Sam Ramji has just confirmed what I always had a feeling about, that Samba developers know more about Windows Networking than Windows Developers. Working with Samba certainly helped me transition to Windows and I would highly recommend people looking at “Samba 3 by Example” by John H Terpstra, it’s available online. This guide highlights that if you want an LDAP/Kerberos based infrastructure which just works then chose Active Directory but if you want an alternative then Samba/LDAP/Kerberos is available. However, with many things in Linux having a unified/consistent management inferface is a lot more tricky, yes there are GUIs for OpenLDAP but they’re not going to give anything as nice as the Server Management console that you’ll find in SBS 2003.
After all the negative karma around recently, here is a more positive story. Miguel de Icaza, of the Mono Project, has been down at Microsoft at a compiler lab meeting and being taken out to dinner by Scott Guthrie. You see, get a couple of techies in a room and they’ll quite happily work together, it’s the execs that get in the way! Scott mentions the meeting and dinner on his blog.
Looks like Miguel has started on the evaluation of being able to do Silverlight on Mono as well.
I found a presentation recently which I wote back when I initially started the business giving an overview of Open Source/Linux. Having looked back over it, I think it’s quite a good overview and pretty even handed (even if I say so myself!), although you can judge for yourself?
Feel free to download it and let me know if you think it’s useful.
This is an interesting event which is taking place tomorrow in San Francisco and shows part of Microsoft’s strategy on Open Source. One of it’s aims is to get ISVs to develop their applications on Windows rather than Linux. The LAMP (Linux, Apache, MySQL and PHP) stack is a very popular choice and Microsoft wants to convert this to WAMP (Windows, …, etc).
Sam Ramji, from the Microsoft Open Source Software Lab is presenting, and they’ve also got the CEO of SugarCRM. I’m guessing he’s going to be talking up building Open Source apps on Windows. His company is another good example of an Open Source company making money. They use a business model which has a zero cost Open Source version with a range of commercially licensed versions based on the Open Source solution with enhanced support services etc. SugarCRM has financing from Venture Capitalists, so you can see that serious people are willing to put money in to these business models.
You see, Microsoft and Open Source doesn’t need to be mutually exclusive and is a part of the positive stuff that is going on.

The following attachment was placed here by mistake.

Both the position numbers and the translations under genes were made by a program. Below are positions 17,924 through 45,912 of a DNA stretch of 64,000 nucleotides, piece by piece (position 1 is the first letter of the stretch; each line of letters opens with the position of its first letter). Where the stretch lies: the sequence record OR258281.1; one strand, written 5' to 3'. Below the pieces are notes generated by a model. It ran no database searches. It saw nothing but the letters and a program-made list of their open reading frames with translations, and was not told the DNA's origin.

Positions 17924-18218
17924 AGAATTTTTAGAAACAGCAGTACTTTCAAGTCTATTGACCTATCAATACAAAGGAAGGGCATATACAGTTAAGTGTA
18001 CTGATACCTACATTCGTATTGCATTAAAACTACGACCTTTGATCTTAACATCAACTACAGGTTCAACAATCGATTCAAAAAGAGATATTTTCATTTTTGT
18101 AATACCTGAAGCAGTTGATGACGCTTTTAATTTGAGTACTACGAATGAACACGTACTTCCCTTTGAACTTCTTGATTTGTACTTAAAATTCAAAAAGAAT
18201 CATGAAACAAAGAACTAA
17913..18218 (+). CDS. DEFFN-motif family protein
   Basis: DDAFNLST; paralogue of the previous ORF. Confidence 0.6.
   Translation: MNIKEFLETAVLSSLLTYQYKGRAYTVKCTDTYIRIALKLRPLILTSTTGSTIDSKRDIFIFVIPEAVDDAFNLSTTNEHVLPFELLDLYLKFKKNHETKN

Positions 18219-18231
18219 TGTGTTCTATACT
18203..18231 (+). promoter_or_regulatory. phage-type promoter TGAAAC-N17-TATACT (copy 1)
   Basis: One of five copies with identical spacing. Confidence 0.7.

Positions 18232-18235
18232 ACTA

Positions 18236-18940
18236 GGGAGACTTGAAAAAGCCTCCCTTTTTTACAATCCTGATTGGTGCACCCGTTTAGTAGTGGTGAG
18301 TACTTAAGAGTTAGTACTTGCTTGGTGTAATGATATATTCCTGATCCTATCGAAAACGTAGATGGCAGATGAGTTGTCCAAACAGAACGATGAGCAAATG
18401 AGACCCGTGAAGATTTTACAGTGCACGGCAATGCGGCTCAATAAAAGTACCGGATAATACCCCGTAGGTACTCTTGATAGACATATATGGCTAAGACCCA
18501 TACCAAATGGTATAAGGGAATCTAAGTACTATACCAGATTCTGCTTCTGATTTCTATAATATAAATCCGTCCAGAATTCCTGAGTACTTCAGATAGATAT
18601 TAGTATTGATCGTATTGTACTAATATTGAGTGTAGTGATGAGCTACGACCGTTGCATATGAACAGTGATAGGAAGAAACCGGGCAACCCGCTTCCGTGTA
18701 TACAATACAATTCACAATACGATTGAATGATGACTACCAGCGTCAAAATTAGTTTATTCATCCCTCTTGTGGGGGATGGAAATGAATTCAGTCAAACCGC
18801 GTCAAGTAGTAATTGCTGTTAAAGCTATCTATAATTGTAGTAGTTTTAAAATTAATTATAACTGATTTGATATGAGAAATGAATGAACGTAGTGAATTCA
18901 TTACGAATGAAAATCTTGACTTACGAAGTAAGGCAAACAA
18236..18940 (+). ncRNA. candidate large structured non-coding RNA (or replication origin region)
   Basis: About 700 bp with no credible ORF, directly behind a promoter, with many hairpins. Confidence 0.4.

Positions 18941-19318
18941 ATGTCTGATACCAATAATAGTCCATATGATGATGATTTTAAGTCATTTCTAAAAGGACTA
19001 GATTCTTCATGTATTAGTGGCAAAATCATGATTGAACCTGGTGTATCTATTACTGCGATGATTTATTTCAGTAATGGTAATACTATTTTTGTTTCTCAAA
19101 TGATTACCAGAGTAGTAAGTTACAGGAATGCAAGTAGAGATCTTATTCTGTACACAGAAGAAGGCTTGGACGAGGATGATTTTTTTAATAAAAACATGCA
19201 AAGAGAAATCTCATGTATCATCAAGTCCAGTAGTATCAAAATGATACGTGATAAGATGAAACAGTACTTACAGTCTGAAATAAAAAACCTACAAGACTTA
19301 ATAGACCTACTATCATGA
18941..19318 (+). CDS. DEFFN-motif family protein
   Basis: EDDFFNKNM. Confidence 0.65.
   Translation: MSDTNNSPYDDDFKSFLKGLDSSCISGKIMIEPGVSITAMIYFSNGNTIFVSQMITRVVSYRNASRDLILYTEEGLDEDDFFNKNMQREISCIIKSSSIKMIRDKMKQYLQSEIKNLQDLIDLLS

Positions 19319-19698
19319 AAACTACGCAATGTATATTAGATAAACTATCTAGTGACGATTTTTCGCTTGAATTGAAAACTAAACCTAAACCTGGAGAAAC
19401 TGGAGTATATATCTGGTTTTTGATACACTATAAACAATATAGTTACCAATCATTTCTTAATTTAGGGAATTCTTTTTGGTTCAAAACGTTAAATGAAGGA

…that hole is just getting deeper. Bill Hilf is trying to explain himself in this interview with the IDG News Service. According to him it’s not Microsoft strategy to litigate but to resolve the IP Issues. The resolution of these IP Issues is by organisations negotiating IP License agreements with Microsoft which I assume will mean some kind of payment. He says that judges decide patent issues and he’s absolutely right, so how can he confidently say there are IP issues? The answer is he can’t! This is where he’s got himself all in a muddle, because someone, somewhere will turn round and say prove it in a court of law and that’s where the litigation starts. Groklaw is on the case now and this thing is going to be picked through with a fine tooth comb. In reality Linux has never really hurt Microsoft in market share, it’s taken most of it’s gains from Unix. However, Microsoft has a sort of irrational fear of Linux, it feels like it is it’s Nemesis waiting in the shadows. Microsoft is a smart company with some smart people and eventually they will realise they have to just put this patent silliness to one side and just go out and compete on the technology and value to customers. This is where it’s done an amazing job in it’s new technologies pulling it further away from many open source solutions. The last thing our industry needs is customers unsettled by threats of retrospective IP licensing.
…they we’re only joking, had us all fooled and hot under the collar for no good reason – maybe they thought it was a slow news week! Anyway, Horacio Guiterrez, Microsoft’s VP for IP and Licensing has said that “We’re not litigating. If we wanted to we would have done so years ago.”. Oh, okay so why say it – is this a Marketing 101 example that we should be following in our own businesses? Poor old Microsoft, for all it’s power, wealth and glory cannot help creating a rod for its own back! Problem now is, and it’s still evident in the article, is that people are going to keep chipping away at this 235 Patents business. Guiterrez goes on to say that Microsoft collects royalty payments from some companies that use Linux in their computing environment. That’s absolutely crazy and those companies should ask for their money back. You cannot go to a company and say this product infringes my patents but I’m not going to prove it to you in any way and it’s never been tested in court either! SCO tried this and is failing miserably while slowly going out of business! Microsoft needs to get a grip on this and really get a coherent message out there.
The article has one major thing wrong in that it says that the Free Software Foundation controls Linux Licensing. Wrong! Linus Torvalds and the other members of the Linux Kernel project control the licensing and there is no way at the moment they are going to move to GPL v3. They’ve made their position clear publicly and Linus has too and you can see it here. Now, the Linux kernel by itself doesn’t make a Linux distribution and indvidual projects may choose to license under GPL v3 and that’s when the fun and games are going to start!